The Evolution of NAIDOC Week: 100+ Years of History

The Evolution of NAIDOC Week: 100+ Years of History

While we've wrapped up on NAIDOC Week 2023, the journey of NAIDOC's rich history is worth diving into.

The history of NAIDOC week and the National NAIDOC Committee, stretches back over 100 years from when the first Aboriginal rights groups became aware that the wider Australian public were both unaware and ignorant of their boycotts of Australia Day.
William Cooper, Douglas Nicholls and Jack Pattern were among the first Indigenous rights activists that helped ignite the conversation and spread awareness of to the public. So, on the 150th anniversary of the landing of the First Fleet, a group of Aboriginal men and women arranged a Sydney-based march, led by Cooper, Nicholls and Pattern, known as the ‘Day of Mourning’.

Held in 1938, this march of over 1000 attendees, became “One of the first major civil rights gatherings in the world” (cited: It was a success that opened important discussions for years to come and was first heralding of NAIDOC Week as we know it. 

An image from the ‘Day of Mourning’ gathering in Sydney, Australia. Source: AIATSIS Collection HORNER2.J03.BW.

The annual ‘Day of Mourning’, continued up until 1955 and developed into not only a protest, but also a celebration of the unique culture of the Aboriginal people. It was the following year that the NADOC (National Aborigines Day Observance Committee) was formed. The name of the committee altered in 1967 to discontinue use of the term ‘Aborigines’ and adopt their current use of ‘Aboriginal’ instead, to remain more accurate and appropriate to their identity.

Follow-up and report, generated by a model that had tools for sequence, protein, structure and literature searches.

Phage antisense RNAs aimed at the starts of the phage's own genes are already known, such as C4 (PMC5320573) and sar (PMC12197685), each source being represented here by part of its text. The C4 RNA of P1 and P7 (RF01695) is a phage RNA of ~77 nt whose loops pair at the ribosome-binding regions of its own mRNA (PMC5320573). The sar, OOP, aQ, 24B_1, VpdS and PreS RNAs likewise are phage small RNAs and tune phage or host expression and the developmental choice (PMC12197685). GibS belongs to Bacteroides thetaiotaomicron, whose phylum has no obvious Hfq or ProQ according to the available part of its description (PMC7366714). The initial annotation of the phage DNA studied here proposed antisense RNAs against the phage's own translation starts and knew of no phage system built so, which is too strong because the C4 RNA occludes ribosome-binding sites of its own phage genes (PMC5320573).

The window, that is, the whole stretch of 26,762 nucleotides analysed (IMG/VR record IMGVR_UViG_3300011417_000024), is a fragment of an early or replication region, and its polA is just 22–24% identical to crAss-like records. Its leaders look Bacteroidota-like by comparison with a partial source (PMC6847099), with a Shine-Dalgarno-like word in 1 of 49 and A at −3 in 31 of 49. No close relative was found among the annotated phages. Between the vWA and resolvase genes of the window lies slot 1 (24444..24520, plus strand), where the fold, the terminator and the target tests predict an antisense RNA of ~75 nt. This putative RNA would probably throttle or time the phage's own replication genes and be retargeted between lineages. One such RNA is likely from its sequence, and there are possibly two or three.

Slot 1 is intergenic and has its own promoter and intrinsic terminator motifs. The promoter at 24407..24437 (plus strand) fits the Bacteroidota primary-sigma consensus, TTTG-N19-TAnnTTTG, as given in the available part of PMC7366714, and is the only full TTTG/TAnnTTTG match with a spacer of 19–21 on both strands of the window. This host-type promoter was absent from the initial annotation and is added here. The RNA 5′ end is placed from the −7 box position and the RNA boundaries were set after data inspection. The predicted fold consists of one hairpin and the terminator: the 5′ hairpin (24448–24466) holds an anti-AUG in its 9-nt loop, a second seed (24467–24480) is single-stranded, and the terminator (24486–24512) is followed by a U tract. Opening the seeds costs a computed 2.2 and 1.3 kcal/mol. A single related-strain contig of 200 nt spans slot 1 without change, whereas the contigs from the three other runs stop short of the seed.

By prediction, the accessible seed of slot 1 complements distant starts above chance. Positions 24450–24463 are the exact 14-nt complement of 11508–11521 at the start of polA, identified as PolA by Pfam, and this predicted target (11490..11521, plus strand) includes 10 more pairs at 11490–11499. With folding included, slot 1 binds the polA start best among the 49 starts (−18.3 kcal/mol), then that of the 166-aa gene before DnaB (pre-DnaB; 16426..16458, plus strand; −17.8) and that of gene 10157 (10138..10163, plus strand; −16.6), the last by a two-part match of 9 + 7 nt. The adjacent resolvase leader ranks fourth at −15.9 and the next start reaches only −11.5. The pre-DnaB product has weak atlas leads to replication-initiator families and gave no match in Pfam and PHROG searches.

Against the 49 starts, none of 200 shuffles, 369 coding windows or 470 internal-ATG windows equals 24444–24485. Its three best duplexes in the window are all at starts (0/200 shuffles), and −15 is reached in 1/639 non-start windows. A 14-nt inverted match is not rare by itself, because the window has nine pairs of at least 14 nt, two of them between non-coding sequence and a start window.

For years this day continued each Sunday before Australia Day, until it was decided to expand to a full week in 1975, becoming the July based dates that we still follow today. In 1991, another milestone of development was achieved when NADOC expanded to not only represent the Aboriginal community, but also Torres Strait Islander peoples, allowing for further awareness between the distinctly different cultural histories.

This change altered the name of the committee which is still current today; National Aboriginal and Islanders Day Observance Committee (NAIDOC). This title is also in the official name ‘National NAIDOC Week’, for the annual week of recognition and celebration of First Nations cultures and histories that we are familiar with today. 

Knowing the evolution NAIDOC Week can help us all become more aware of its importance, and the need for us all to be active advocates in our communities to support and celebrate the vibrant, rich and ongoing culture of The First Nations people. 

Words by Annie Parry and Eden Campbell